Dexter and Emma struggle with the issues of the day, but more importantly they attempt to find their professional and personal niches in a society that espouses freedom and self-gratification to the extent that the mundane realities of life dull one's capacity to envision something remarkable in the moment by moment experience of daily living. Thus do both Dexter and Emma end up pursuing illusory goals until each must face the reality of authentic living: that human connection and family are what matters, not fame or even professional achievement. For even when affluent enough to have the "breakfast bar" at last, both yearn for something more out of life than having babies or lounging naked in the morning light. Both want more, having been reared to achieve something of merit, like their own parents, but they have lost sight of what it took to be "successful" in that light, having succumbed, at least partially, to the emptiness surrounding them in terms of the culture's vacuity and the omnipresent threats of a media-driven society where appearances matter more than substance.
In the end they surrender to the absurdity of normalcy, wrapping themselves in the conventional cloak of routine and predictability, as do most mature people. They give in to what is. This is just one more story of coming of age in the post modern world where believing in anything is harder than than in the past and where defining oneself beyond trivial pursuits is more challenging than it was for our parents. These are clever, striving young people who are legitimately confused by what appears to be a lack of enduring meaning in the modern world. They deal with this by holding onto each other for support, but perhaps that is not enough, as Dexter seems to realize in the end when his one claim to meaning beyond himself is his daughter, Jasmine.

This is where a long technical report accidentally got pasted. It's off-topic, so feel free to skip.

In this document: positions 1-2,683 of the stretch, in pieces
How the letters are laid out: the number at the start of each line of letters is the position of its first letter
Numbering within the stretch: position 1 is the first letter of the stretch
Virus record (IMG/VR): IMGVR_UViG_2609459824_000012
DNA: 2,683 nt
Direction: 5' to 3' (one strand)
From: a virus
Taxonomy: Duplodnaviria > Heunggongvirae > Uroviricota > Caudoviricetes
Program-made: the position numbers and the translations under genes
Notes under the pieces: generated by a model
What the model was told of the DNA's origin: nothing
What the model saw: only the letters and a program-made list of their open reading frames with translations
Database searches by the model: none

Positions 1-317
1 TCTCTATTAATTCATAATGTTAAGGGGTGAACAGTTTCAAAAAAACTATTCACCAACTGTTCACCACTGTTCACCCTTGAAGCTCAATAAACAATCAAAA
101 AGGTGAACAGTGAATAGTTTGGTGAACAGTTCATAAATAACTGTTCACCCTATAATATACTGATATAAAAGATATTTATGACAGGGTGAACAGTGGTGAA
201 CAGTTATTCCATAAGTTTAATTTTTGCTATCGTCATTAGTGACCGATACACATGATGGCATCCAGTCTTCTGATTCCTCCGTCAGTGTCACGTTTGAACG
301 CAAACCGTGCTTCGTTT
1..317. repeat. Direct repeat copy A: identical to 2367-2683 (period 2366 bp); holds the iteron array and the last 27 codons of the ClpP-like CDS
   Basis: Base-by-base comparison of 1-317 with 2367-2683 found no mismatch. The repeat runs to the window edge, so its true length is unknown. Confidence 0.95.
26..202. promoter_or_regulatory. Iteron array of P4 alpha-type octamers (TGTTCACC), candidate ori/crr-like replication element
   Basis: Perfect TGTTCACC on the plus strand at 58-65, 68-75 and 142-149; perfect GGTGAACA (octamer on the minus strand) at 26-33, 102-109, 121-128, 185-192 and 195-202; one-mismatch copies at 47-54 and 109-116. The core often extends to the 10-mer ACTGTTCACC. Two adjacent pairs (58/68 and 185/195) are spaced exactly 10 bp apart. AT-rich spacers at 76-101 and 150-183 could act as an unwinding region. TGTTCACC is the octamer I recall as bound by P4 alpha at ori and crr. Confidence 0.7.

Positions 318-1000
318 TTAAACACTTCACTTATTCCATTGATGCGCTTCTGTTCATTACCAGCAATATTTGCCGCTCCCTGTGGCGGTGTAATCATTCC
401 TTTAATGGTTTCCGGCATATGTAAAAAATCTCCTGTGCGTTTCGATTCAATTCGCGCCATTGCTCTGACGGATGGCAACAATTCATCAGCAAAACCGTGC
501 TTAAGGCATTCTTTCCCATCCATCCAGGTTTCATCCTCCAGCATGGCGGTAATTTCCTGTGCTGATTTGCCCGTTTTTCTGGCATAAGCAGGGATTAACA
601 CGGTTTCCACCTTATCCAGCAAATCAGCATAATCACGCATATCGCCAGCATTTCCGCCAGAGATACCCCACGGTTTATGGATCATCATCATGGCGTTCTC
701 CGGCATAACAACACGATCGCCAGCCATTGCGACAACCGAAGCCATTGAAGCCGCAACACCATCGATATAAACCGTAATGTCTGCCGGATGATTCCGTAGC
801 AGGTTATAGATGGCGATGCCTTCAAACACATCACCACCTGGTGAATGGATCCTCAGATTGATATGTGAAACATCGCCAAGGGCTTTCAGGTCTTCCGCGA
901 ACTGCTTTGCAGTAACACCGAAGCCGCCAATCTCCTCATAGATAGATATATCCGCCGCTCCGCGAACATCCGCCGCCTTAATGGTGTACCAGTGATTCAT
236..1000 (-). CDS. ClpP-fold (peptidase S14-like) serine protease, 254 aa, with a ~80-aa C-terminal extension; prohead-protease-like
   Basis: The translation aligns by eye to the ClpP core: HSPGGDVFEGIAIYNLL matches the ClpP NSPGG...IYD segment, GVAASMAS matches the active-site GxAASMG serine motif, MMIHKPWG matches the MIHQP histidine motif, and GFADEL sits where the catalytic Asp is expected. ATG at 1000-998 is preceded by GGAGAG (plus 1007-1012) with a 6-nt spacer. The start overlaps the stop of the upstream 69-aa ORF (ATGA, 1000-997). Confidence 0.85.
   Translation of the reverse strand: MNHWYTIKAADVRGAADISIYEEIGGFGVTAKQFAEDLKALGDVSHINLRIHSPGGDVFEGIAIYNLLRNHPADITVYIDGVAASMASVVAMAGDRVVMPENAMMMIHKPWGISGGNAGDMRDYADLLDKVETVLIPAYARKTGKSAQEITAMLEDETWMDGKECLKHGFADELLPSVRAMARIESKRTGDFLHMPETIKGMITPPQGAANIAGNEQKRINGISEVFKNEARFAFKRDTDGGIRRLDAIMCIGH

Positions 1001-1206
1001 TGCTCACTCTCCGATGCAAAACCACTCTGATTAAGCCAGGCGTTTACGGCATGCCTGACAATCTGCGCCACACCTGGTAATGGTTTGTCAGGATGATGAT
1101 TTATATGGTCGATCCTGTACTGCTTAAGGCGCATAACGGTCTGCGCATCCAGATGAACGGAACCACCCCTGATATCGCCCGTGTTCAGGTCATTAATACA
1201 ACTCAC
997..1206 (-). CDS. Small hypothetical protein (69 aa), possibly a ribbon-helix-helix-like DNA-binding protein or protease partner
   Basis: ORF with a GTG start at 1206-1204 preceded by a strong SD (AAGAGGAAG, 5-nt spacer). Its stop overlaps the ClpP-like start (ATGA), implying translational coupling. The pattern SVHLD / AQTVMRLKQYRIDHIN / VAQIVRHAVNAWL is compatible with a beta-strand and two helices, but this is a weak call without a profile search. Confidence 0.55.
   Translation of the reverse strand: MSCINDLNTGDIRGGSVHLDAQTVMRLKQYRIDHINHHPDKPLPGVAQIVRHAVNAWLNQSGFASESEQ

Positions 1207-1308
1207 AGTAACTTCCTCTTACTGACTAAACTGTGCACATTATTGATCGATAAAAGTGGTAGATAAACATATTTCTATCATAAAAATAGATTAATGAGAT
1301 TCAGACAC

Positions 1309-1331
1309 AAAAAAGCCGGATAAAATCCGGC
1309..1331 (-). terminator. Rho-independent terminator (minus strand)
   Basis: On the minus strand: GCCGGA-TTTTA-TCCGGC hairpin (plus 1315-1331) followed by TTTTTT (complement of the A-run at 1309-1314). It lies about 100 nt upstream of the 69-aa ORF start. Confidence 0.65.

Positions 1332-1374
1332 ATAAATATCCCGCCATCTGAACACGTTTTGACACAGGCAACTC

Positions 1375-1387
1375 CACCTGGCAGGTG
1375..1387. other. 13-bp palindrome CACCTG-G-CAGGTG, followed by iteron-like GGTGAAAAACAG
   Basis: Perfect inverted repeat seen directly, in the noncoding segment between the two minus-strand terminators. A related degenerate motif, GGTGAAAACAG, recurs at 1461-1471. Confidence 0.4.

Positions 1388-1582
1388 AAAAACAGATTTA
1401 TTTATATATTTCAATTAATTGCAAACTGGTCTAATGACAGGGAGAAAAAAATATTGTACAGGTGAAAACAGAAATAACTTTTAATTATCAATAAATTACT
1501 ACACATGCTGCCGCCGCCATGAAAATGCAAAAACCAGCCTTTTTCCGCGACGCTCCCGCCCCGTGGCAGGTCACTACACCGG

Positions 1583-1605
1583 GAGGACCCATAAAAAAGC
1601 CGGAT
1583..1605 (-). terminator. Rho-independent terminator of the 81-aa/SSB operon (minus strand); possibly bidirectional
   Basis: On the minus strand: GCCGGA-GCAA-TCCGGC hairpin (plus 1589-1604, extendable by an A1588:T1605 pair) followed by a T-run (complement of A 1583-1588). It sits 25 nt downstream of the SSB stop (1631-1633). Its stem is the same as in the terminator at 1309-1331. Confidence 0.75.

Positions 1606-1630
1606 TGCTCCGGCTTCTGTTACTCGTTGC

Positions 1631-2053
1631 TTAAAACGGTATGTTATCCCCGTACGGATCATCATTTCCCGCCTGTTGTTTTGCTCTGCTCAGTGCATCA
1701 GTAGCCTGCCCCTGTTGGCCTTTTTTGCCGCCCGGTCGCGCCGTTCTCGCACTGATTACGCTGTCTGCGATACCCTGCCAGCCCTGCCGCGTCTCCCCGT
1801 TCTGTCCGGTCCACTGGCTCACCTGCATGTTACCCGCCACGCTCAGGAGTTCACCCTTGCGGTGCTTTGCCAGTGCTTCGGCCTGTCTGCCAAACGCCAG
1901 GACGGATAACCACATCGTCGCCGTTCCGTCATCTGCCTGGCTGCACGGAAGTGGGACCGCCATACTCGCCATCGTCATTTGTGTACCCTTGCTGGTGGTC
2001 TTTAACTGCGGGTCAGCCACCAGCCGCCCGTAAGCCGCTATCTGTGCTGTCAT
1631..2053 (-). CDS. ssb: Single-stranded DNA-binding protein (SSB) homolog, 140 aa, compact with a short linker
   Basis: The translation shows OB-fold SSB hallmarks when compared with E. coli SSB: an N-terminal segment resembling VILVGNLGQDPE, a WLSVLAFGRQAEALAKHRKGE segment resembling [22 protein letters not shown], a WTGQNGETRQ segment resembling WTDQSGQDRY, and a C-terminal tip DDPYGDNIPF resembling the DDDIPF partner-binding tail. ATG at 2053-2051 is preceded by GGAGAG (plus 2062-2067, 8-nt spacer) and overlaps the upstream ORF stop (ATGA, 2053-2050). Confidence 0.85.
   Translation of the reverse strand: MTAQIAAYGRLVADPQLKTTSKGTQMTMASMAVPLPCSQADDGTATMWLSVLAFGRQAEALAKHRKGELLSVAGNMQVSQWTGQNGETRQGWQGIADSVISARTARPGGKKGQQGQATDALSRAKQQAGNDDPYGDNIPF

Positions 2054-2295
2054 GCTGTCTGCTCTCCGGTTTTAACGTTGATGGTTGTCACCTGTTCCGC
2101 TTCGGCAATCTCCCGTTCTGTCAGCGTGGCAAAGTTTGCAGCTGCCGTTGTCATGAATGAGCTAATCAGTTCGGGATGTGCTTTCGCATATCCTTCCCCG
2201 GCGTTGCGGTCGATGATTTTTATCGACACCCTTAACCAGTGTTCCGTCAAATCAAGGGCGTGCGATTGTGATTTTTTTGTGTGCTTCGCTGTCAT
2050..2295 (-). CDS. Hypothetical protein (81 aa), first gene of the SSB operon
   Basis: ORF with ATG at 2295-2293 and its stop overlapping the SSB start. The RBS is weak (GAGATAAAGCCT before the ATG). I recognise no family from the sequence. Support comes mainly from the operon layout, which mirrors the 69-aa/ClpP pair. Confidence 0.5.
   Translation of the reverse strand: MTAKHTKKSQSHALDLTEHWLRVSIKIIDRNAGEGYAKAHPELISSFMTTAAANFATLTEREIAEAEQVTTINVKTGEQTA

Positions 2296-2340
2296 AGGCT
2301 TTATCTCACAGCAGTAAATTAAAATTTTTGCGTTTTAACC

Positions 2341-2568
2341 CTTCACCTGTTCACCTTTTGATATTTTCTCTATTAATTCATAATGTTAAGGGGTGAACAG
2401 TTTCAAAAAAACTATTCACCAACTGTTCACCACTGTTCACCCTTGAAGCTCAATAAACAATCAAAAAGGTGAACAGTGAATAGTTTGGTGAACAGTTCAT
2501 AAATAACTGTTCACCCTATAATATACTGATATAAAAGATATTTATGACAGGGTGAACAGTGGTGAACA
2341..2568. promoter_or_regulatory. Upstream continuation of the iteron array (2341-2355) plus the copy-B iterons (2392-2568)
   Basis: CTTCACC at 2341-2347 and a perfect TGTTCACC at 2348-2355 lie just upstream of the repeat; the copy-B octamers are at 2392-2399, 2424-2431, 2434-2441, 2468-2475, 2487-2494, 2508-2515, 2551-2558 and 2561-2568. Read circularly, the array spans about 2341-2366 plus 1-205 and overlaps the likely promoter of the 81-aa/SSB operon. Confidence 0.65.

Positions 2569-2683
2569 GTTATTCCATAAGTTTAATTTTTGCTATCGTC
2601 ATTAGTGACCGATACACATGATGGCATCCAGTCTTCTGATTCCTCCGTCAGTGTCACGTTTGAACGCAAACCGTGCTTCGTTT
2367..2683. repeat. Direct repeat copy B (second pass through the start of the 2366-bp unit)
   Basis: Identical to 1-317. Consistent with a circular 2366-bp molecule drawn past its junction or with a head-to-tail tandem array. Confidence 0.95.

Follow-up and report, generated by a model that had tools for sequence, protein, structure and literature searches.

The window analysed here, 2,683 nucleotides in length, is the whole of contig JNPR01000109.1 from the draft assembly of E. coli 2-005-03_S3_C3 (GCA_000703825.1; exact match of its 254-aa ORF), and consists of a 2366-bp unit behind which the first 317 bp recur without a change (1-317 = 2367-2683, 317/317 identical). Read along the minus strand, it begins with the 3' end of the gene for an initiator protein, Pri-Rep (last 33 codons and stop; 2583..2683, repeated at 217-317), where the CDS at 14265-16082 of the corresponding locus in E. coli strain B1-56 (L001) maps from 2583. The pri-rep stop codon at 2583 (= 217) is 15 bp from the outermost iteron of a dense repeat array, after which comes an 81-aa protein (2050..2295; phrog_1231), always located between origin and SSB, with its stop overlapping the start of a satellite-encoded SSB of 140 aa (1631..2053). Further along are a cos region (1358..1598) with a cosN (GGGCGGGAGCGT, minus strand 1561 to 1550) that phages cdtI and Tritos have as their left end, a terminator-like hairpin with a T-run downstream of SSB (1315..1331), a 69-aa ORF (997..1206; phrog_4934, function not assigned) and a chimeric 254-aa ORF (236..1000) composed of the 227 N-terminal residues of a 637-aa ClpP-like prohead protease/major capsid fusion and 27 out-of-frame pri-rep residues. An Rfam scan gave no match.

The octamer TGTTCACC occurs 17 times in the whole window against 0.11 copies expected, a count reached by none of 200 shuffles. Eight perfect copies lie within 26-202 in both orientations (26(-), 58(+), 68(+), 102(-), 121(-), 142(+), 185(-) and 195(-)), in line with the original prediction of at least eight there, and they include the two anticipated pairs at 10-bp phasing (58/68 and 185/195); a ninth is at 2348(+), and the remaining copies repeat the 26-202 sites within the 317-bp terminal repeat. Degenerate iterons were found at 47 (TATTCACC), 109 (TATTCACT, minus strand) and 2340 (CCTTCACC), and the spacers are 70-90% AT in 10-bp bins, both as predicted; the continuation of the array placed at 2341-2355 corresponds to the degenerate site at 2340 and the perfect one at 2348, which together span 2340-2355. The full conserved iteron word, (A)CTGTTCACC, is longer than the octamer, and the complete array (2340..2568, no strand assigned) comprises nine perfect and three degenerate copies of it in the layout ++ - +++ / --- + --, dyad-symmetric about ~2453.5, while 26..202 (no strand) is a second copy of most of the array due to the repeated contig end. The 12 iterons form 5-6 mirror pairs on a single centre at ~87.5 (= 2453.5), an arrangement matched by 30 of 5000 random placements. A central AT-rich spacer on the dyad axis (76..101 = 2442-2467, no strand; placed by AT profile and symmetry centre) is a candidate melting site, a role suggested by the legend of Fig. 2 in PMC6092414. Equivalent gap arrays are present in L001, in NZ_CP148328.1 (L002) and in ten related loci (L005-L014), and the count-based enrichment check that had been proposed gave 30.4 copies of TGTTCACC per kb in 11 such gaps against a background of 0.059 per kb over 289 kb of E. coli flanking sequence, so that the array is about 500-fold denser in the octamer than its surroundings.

Although it was not always believable to me that Dexter and Emma would remain together and be happy as a couple, I applauded the union anyway , allowing my "willing suspension of disbelief" to embrace this couple trying to do what was right in an absurd world. The author's syntax, internal passages, his sense of the human comedy, his ironic observations of people and places - all contributed to a sense on my part of a talented writer of great promise. I feel he made a tragic mistake in his denoument, but I would argue the book is still a good one because it implies much about the pitfalls of modern life for the young, who harbor idealistic notions they can save the world or be successful in a big way or that marriage or any relationship or diversion can redeem one from disappointment or ennui. No, life is a Sisyphean experience, as Dexter, Emma and the reader come to realize in spades.
Author of "Bread of Shame"